trigger warnings sign on yellow background
(Photo illustration by Natasha Vicens/PublicSource)

While he was at Point Park University as a psychology professor, Todd Avellar sometimes used trigger warnings to caution undergraduate students about disturbing material and give them a chance to work through complex emotions. 

He’s aware of polarized opinions about the concept — criticism that warnings are overly sensitive or amount to censorship — but in his view, it’s worth providing students space to prepare themselves for lessons on topics like sexual violence.

“Some people might be able to view something and they say, this is fine,” Avellar said. “Whereas for someone [else], that can be completely traumatizing.”

Avellar, who is also a clinical psychologist, said it’s important for instructors to understand the implications of lessons on students who have been through trauma. 

What makes some students feel safe can be seen by others as limiting how freely they can speak.

That tension has followed trigger warnings since they moved from feminist blogs in the 2000s to broader use online and in other spaces like college classrooms. Proponents see them as a tool for viewers for participants to decide whether to engage with potentially traumatic material. Opponents criticize them as a symptom of political correctness, or worse, a way for individuals to hide from real world issues. 

Research is also mixed, with some studies suggesting that trigger warnings could have a minimal effect, if not a potentially negative effect. Yet with a broader emphasis on mental health and trauma during the pandemic, they’ve become a common part of mainstream culture and continue to be a point of controversy and conversation.

What is a trigger warning?

A trigger warning is an advisory intended for people who live with conditions ranging from post-traumatic stress disorder to anxiety to let them know that something they may see or hear could trigger a physical and or psychological response. Smells, sounds, images and even seasons can be triggers, depending on the person.

When confronted with psychological triggers, individuals can experience things such as panic, fear, sadness and flashbacks.

Dr. Anthony Mannarino, director of the Center for Traumatic Stress in Children and Adolescents, said the center typically steers clear of the term “trigger” — which can unintentionally evoke a violent image — and instead uses the term “trauma reminder.”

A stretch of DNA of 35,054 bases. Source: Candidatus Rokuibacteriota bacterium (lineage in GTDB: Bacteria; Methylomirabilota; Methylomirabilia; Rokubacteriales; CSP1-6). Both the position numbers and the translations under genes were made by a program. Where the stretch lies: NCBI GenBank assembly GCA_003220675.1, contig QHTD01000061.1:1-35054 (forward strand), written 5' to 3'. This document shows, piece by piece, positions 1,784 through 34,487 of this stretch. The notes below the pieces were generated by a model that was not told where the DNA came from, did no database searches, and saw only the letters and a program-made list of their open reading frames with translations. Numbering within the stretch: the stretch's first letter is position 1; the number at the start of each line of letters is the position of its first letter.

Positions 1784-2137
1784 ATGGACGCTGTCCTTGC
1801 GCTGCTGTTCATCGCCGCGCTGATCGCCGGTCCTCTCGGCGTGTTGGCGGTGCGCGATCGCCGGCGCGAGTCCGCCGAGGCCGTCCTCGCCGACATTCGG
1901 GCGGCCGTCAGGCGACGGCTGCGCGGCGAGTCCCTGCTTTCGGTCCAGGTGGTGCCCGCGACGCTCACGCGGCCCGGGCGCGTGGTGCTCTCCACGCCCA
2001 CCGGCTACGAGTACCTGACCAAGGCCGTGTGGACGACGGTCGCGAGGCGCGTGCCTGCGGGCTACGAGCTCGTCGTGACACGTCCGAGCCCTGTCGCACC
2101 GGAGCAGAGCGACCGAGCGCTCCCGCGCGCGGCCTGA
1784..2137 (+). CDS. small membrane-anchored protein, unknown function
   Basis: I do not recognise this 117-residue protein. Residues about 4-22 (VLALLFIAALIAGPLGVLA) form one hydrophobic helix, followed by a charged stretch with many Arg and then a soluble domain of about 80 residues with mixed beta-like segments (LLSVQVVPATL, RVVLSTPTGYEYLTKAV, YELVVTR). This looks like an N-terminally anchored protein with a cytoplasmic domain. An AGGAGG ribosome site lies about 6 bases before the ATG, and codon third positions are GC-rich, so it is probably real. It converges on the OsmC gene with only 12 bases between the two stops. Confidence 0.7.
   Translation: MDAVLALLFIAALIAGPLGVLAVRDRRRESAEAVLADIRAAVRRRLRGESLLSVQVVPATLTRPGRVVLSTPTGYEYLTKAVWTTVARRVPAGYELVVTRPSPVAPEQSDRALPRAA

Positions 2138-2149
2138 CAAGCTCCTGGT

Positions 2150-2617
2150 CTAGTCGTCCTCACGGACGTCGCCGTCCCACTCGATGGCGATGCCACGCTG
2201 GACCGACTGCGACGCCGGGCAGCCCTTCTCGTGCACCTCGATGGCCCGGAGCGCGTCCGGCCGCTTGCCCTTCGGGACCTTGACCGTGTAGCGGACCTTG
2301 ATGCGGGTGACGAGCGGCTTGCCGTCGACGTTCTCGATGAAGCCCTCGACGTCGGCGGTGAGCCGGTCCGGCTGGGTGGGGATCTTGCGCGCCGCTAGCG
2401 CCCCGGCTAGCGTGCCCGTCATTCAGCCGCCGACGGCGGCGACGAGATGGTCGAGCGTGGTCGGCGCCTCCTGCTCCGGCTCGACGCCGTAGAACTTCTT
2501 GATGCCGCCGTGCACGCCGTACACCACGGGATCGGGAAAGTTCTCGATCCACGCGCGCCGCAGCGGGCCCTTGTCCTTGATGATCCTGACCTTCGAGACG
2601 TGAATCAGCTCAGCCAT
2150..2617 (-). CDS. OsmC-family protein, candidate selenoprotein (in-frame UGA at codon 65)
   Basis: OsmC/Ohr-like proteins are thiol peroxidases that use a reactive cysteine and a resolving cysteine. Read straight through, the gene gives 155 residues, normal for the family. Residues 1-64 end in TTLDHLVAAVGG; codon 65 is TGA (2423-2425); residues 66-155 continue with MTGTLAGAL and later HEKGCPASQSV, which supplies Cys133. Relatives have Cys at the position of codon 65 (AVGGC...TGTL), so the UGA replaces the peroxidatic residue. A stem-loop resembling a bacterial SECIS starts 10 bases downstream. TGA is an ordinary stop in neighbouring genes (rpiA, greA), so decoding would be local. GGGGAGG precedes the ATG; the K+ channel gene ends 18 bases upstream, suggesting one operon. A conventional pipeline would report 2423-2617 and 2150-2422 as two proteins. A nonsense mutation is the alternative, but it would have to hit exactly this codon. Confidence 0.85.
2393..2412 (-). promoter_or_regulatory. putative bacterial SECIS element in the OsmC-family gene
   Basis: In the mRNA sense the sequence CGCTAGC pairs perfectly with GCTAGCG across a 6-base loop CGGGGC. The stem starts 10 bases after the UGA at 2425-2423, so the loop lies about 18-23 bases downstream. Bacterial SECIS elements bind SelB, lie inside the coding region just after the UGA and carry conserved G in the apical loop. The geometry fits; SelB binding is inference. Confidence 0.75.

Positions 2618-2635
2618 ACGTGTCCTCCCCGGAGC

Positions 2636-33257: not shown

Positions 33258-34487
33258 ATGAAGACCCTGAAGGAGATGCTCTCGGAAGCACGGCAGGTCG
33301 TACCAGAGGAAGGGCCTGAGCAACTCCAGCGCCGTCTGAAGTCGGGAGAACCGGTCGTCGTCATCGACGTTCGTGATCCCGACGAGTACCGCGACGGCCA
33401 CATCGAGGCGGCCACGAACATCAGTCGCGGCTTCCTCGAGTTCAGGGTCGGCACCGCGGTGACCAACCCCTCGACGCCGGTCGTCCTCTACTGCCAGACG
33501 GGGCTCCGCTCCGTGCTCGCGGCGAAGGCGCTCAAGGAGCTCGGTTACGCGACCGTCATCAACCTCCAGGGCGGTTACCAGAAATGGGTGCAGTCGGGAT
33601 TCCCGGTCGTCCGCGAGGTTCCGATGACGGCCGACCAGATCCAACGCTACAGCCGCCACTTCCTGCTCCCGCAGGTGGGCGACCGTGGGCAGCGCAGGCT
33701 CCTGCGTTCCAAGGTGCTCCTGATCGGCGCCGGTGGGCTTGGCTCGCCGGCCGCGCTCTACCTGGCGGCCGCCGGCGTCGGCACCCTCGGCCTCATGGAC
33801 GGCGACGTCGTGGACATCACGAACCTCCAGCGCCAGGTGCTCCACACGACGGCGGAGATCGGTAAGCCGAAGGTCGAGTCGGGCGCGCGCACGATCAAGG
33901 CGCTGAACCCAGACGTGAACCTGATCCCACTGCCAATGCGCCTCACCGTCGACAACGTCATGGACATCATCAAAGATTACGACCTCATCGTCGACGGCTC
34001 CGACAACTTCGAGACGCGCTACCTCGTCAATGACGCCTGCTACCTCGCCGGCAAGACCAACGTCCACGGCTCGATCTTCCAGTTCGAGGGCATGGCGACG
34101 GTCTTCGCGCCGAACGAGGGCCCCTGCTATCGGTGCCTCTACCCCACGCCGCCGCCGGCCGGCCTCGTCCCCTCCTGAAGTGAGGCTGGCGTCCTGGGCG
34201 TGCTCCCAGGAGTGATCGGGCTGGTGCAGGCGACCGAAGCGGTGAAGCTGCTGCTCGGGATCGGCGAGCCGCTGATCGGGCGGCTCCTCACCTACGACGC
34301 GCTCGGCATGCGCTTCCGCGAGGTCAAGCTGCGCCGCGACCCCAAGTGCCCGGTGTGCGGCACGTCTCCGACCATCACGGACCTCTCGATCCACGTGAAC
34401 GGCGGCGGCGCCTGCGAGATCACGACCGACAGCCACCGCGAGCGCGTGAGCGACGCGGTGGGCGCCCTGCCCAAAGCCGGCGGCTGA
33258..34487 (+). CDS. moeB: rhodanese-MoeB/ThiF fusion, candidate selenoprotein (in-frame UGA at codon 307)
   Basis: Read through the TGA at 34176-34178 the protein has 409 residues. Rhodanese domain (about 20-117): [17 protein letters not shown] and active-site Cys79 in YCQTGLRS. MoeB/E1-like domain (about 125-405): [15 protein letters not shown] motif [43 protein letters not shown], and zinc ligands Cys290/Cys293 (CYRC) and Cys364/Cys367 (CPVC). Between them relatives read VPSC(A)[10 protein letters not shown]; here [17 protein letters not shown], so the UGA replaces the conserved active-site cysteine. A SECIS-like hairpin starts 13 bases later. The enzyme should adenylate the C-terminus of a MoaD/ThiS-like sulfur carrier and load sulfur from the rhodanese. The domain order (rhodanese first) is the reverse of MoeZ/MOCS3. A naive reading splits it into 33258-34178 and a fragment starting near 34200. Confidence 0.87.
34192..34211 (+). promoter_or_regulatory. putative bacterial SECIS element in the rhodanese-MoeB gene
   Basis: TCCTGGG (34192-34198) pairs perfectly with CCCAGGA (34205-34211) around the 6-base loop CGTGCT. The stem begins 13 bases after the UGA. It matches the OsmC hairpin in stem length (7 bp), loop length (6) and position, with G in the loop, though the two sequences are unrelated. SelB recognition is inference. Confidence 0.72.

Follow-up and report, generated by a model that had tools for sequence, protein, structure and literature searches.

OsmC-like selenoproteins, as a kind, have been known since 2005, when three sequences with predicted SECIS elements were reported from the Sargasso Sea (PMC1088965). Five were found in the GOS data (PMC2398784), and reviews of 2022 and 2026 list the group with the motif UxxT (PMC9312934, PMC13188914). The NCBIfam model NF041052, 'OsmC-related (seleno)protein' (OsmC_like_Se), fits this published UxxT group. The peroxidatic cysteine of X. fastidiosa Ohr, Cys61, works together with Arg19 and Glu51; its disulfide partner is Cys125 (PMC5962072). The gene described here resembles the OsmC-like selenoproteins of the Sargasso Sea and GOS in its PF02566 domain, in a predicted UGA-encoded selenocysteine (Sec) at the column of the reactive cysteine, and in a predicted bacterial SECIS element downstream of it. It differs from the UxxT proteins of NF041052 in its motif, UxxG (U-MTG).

Mannarino said most people don’t have a full understanding of the impact of trauma, even though millions of Americans are living with some form of it.

For instance, he points to the prevalence of opioid addiction in the Pittsburgh region and media coverage that could be a reminder of trauma. Individuals who have experienced racial trauma and discrimination may similarly be reminded of those experiences when hearing about violence against Black people, including the murder of George Floyd by police.

When he’s leading trainings for mental health professionals, Mannarino often tells the audience they’re about to hear mentions of things such as sexual or domestic violence. He feels it’s a way to allow individuals who were personally impacted to prepare themselves.

“I’m not sure I really like the terminology ‘trigger warning,’ but I do like the idea of educating the audience a little bit about what they’re going to hear about,” Mannarino said. 

Unconsenting Media

Like many adolescents, Samantha van Staden enjoyed horror movies. But after her childhood best friend was sexually assaulted their first year of college, she realized how ubiquitous sexual violence was in mainstream media. 

“We only realized after she had experienced this and obviously didn’t want to be exposed to it completely, without warning at any given moment while we were watching TV,” van Staden said.

“I’m not sure I really like the terminology ‘trigger warning,’ but I do like the idea of educating the audience a little bit about what they’re going to hear about. ”

So when she came across Unconsenting Media in its infancy in a University of Cambridge Facebook group and learned its founder would be graduating, she saw it as an opportunity to help fill an unmet need. The organization’s website contains a list of movies and television shows with a checklist for each to say if contains rape on-screen, child abuse, incest, mentions of rape, sexual harrassment along with a brief description.